How the Reverse Mortgage Industry Can Attract Fresh Talent

Reverse mortgages have grappled with their share of negative perceptions over the years, often times due to a generally widespread misunderstanding of these loans in terms of what they do and how they function.

Not only is greater education and outreach needed to enlighten the public about the potential benefits of reverse mortgages, but industry members say these are also vital components for attracting people to work in the reverse sector.

Education for both borrowers and professionals is the key to growing the reverse mortgage industry, says Wendy Peel, vice president of sales and marketing for ReverseVision.

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“While advertising the product is essential, more money needs to be spent on educating everyone from borrowers, lending professionals, retirement planners, bank community relations departments and the media on the facts and benefits of these loans,” Peel tells RMD.

The average age of a mortgage originator is about 54-years-old, according to data from the Mortgage Bankers Association. On the reverse side, the average age is likely a “little north of there,” estimates Mike Crossett, executive vice president of The Federal Savings Bank.

“Both on the forward and reverse sides, we have some strategic paths we’re going down to bring fresh blood and fresh talent into this industry because the average age is creeping up,” Crossett says.

From a national loan production office in Chicago, The Federal Savings Bank originates both traditional forward mortgages as well as reverse mortgages. The company originated 143 Home Equity Conversion Mortgages (HECMs) year-to-date in May 2015, according to Reverse Market Insight’s HECM Originators May 2015 data. In May alone, the company did 17 loans.

The Bank is taking a multi-pronged approach in its efforts, which focus mainly on recruiting experienced forward mortgage originators—both younger and older—and training them on the nuances and technical aspects of reverse mortgages.

“There are originators who have been experienced on the forward side that are now hitting an age where they can connect better with seniors,” Crossett says. “And there is definitely, at times, a more cranial component involved to solve the HECM puzzle because there are more nuances to help a senior accomplish what they want in a Life Mortgage for Seniors [reverse mortgage].”

The company is also making a “big push,” in recruiting former military personnel, such as those at the junior military officer and retiring colonel levels—a strategy partly based on the ethics and values one acquires while serving in the armed forces, Crosset says.

“We can train people to be technical experts in HECMs, but we can’t train someone to be ethical and do the right thing every time in front of the customer,” he says.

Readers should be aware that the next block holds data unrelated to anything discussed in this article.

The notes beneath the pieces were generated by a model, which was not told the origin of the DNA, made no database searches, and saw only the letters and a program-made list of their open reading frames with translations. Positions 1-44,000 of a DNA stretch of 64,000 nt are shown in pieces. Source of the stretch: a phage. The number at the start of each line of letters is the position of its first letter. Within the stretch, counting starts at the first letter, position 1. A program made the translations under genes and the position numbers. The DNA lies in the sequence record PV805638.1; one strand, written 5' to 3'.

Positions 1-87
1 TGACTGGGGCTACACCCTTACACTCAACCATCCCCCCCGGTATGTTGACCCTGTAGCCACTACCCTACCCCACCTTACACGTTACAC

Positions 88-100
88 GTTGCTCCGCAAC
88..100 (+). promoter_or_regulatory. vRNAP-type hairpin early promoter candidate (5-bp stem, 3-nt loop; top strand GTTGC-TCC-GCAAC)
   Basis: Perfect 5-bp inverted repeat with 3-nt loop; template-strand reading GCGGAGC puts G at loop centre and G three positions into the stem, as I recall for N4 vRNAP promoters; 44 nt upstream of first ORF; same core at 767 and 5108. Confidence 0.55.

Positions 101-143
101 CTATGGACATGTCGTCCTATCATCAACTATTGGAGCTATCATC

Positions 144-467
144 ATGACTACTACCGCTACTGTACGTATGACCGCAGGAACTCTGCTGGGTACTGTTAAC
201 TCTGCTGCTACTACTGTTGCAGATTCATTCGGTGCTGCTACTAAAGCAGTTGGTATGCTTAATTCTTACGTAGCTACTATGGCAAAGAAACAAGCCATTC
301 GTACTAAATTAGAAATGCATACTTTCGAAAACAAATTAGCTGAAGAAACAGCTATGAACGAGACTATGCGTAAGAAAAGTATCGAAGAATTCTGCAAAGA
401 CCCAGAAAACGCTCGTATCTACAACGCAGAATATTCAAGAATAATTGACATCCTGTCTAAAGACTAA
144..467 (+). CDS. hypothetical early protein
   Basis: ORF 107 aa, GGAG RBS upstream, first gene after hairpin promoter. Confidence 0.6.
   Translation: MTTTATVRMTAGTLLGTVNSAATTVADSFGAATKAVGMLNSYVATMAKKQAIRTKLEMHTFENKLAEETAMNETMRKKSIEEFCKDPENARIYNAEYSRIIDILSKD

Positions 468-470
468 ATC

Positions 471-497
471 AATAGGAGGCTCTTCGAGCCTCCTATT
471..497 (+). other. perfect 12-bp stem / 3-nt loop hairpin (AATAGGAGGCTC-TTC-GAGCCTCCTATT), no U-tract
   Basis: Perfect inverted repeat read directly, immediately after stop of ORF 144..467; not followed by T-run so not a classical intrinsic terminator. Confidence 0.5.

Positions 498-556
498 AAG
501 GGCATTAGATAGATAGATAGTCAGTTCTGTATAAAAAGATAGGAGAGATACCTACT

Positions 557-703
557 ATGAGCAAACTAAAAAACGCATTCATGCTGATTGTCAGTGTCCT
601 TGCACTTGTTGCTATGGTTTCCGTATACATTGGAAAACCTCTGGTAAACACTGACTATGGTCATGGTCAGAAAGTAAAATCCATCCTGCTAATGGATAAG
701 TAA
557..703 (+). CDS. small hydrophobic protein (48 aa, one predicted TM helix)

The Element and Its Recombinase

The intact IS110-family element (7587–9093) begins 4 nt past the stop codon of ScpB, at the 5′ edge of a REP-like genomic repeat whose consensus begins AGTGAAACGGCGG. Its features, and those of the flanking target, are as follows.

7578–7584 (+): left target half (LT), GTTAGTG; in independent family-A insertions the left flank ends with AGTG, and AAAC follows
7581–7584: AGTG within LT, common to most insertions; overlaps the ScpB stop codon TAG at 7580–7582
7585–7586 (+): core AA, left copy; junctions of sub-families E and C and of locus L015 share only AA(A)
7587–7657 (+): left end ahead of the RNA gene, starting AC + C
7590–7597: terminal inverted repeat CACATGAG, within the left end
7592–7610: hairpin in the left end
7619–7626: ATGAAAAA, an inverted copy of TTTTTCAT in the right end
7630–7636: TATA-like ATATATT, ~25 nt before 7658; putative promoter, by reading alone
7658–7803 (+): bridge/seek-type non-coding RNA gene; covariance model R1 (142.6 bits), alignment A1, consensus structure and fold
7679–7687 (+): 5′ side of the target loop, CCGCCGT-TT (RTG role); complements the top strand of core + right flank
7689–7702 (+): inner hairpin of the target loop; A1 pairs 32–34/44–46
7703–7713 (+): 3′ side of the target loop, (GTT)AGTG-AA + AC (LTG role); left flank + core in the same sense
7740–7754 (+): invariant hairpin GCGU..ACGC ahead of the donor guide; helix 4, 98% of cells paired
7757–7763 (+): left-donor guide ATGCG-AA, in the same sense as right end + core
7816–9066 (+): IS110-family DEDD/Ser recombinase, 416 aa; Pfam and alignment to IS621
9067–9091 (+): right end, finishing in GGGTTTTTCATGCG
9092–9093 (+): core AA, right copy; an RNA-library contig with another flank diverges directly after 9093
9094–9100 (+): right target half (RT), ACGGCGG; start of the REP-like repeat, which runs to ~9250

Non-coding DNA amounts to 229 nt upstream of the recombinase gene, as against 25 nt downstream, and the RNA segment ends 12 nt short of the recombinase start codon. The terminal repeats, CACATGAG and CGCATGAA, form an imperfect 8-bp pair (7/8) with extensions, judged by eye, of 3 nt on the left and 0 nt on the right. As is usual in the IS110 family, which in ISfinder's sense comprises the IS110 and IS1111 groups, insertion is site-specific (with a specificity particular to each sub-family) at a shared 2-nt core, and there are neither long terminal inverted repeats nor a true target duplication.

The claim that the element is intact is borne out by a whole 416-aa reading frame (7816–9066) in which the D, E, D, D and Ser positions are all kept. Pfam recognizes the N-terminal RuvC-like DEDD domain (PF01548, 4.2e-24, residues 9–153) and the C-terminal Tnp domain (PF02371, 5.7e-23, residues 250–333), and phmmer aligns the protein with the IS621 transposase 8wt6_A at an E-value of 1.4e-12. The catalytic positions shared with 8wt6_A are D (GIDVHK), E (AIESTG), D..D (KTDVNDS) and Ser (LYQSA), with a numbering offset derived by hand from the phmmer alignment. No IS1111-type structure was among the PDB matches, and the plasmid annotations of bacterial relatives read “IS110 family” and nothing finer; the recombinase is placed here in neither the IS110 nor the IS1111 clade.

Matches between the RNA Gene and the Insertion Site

In April, The Federal Savings Bank embarked on a new approach to reverse mortgage originations, now marketing the product as The Life Mortgage for Seniors. The rebrand will work toward educating financial planners and others on how a reverse mortgage can benefit their clients.

Piquing the interest of key retirement planning professionals such as financial advisers has been a hot topic in the reverse mortgage space, perhaps even more so in the wake of the Financial Assessment.

But while the financial planning community is starting to come around in acknowledging the strategic use of a reverse mortgage in retirement plans, there is still a lot more that the reverse mortgage industry can do to get these professionals “on board” with HECMs.

“I think the industry as a whole is trying to eat the elephant in one bite with this and the reality is, at the end of the day, people do business with people they like and trust,” says Crossett, who adds that financial planners will likely do business with organizations that are backed by “solid” companies—those that they know will provide “sound advice” to help their clients make the best decisions.

“It boils down to the boots-on-the-ground originators building relationships with financial planners,” he says. “That’s going to be what really changes the industry, but it’s hard.”

Such relationships have the potential to create a “lifetime of referrals,” Crossett says, but unfortunately there are no shortcuts to forming these bonds.

“You’ve got to go out and you’ve got to do it,” he says.

Written by Jason Oliva

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  • This is a very good article and I feel Mike Crosset touched on points that are the key to success in this changing market we are in.

    Bringing in new blood and training them is a laborious task but unless we start taking this approach, the future of originations in the reverse mortgage industry will dwindle down, it is just pure common sense!

    We also must concentrate heavily on training our existing loan originators in the reverse mortgage space, more important now than ever.

    Again, great article written and a great interview with Mike Crosset.

    John A. Smaldone

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